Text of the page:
This time last weekend, we were on a little break visiting my eldest daughter, Victoria and her partner James. We met James’s family who are my benefactors and bought me the power wheelchair which I use at home. I love Victoria and James’s flat. It is on the ground floor and, with the exception of two steps to the front door, which would be an issue if I lived there, there is so much space to move around. It is clean, light, bright and airy. They have a tiny yard from their guest room and an en-suite in their bedroom. They kindly gave up their room so that we were comfortable and they slept on their sofa bed. I always feel as if I am a burden on everyone now that I need to be cared for to some extent and last weekend that is how I felt. I know how tiring being a carer is, after all, as a Learning Support Assistant, we are carers for our learners and I only was with the learners a few hours a day and I got tired.
We went to the Natural History Museum on Sunday and London Zoo on Monday. I was also down there to attend a MNDA Parliamentary Reception on Tuesday with Victoria which I found very emotional, partly because it brought it home to me that since the diagnosis of MND six months ago, it is still raw and attending the reception means that this is real. I am not going to wake up and find the last six months have all been a bad dream. I wish it were.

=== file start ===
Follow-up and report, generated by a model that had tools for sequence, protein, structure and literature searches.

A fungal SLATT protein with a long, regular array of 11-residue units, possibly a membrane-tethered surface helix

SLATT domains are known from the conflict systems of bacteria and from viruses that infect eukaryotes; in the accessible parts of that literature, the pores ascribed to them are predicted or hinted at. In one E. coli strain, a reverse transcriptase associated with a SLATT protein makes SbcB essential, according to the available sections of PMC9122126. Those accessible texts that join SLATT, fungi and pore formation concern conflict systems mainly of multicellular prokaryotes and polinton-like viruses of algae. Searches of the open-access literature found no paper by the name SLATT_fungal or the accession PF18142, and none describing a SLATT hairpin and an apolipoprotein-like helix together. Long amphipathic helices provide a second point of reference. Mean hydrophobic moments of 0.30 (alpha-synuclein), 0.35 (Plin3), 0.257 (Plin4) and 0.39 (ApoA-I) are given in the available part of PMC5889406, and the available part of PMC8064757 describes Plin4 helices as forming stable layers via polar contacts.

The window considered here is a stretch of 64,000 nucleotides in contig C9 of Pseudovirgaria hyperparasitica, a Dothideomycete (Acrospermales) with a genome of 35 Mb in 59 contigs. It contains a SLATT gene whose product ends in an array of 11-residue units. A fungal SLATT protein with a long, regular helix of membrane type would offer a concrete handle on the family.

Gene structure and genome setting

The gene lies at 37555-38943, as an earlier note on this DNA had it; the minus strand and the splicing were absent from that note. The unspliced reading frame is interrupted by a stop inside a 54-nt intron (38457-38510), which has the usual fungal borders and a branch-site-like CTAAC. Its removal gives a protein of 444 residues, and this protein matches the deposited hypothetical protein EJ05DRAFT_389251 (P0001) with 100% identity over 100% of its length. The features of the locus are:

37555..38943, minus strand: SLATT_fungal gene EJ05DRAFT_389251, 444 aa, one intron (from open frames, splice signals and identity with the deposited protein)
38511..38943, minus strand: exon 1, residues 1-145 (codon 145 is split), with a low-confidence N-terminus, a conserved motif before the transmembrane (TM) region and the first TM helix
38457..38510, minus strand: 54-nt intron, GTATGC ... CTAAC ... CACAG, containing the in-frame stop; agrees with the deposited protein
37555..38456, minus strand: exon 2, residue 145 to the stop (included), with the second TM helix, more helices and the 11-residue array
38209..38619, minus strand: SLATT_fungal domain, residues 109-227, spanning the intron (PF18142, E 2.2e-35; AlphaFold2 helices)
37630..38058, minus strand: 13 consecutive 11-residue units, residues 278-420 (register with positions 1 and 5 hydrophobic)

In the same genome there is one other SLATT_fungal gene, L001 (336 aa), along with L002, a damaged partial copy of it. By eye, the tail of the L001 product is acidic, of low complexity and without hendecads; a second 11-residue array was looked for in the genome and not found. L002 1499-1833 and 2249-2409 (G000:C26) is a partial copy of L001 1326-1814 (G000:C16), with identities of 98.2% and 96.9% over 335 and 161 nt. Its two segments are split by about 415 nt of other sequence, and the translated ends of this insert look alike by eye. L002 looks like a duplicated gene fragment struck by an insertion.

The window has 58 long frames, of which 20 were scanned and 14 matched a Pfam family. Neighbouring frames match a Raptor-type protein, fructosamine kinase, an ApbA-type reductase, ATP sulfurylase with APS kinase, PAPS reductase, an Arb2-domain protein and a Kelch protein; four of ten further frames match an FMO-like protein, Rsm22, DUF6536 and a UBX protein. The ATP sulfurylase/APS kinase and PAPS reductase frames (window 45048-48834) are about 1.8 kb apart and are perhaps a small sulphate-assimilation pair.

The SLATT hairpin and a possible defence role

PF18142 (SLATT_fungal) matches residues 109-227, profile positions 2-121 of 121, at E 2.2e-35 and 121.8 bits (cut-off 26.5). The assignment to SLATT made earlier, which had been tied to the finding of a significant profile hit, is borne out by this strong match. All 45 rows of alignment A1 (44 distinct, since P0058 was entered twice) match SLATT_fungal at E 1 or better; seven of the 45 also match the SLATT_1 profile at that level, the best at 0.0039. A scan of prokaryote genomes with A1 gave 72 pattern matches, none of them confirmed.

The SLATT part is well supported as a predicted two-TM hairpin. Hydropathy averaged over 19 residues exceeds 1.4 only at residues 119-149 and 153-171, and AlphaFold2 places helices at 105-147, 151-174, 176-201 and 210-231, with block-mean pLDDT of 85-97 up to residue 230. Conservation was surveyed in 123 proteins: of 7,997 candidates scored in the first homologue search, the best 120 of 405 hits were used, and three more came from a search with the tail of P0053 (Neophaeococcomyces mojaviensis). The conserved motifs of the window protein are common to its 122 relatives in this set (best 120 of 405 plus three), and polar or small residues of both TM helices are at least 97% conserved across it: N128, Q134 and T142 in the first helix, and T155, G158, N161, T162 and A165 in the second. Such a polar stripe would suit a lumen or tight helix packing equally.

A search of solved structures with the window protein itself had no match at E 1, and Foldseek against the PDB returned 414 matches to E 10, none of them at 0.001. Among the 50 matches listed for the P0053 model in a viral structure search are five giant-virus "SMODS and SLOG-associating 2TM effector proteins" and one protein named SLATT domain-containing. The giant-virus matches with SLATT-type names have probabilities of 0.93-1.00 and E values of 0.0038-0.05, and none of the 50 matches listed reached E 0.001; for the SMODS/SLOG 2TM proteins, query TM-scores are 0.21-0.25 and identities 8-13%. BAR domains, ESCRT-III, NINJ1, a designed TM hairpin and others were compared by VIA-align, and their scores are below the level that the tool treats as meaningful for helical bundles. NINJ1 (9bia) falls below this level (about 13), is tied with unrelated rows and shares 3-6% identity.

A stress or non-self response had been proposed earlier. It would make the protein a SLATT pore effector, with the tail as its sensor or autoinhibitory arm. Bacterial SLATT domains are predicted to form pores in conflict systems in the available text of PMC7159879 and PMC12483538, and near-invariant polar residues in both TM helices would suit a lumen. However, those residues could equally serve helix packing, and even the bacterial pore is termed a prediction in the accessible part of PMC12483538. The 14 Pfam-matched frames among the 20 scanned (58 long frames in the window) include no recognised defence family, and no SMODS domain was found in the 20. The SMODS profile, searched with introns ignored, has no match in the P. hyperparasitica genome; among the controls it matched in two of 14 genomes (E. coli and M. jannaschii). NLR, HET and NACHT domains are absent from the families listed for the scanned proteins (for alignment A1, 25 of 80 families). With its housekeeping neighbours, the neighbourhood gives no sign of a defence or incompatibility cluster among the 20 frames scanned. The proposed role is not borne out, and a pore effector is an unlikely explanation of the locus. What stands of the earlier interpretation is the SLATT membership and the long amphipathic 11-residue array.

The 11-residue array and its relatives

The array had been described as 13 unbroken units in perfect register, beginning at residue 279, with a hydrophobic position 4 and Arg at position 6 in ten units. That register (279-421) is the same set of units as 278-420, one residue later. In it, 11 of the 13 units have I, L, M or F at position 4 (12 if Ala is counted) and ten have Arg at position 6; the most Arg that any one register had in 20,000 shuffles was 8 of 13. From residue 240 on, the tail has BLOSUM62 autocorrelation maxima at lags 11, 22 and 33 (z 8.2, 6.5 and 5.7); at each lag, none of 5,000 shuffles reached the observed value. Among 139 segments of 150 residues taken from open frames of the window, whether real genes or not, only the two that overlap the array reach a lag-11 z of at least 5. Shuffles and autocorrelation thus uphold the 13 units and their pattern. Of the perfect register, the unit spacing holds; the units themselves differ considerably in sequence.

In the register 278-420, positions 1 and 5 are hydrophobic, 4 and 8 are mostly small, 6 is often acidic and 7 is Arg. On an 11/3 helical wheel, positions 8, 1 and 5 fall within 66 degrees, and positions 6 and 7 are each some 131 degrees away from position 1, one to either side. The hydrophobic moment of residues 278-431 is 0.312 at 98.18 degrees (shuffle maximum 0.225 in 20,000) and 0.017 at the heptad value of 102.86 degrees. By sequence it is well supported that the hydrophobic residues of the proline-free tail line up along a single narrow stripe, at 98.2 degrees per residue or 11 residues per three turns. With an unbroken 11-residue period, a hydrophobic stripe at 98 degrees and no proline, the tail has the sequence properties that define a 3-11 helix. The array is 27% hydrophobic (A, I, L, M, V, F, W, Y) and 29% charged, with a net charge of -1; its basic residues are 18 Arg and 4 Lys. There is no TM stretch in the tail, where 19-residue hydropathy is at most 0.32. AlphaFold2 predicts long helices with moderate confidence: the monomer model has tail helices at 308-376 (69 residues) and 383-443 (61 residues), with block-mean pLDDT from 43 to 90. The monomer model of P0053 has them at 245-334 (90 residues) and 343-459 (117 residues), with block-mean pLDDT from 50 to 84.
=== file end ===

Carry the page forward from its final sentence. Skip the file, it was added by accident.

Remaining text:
I wrote on the journey down to London and Sidcup about how I feel about MND and I hate it with every fibre in my body. I just wish with the advances in science and medicine that a cure can be found. This is even more poignant when I learned on Thursday that MND has resulted in the gentleman I have been chatting to on messenger losing his Dad to the disease following the diagnosis in August and it is heartbreaking to know that MND claims lives all too quickly and, in some cases, prematurely.
I digress, the visits to the Natural History Museum and London Zoo were brilliant. I loved every minute although I found the rush hour in London quite stressful. The Parliamentary Reception which focused on the financial impact of MND on sufferers and their families was an emotional event. One man has had to appeal to the Department of Work and Pensions (DWP) to receive his Personal Independence Payments (PIP) so many times and each time they reassessed him, his score was lower which meant that, in their opinion, he was getting better. MND doesn’t work like that, there is no cure.
The patron of the charity, Charlotte Hawkins from Good Morning Britain and Strictly Come Dancing attended and gave a moving speech about her involvement with the charity. Her Dad battled MND for 4 years before losing his battle in 2015 before her daughter was born. She was very emotional during parts of the speech and I just cried an awful lot. Victoria and me had our photo taken with her and she signed my Diary for me. I hope there is some progress and that the DWP stop the reassessment of sufferers with MND because we have enough pressure to deal just battling the disease without the added stress of proving we are terminally ill.
That aside, apart from one near fatal choking incident on the Monday morning, all in all, it was a great few days in London and Sidcup and I want to thank James, Victoria and James’s family for making us feel so welcome and very much at home, relaxed and stress free.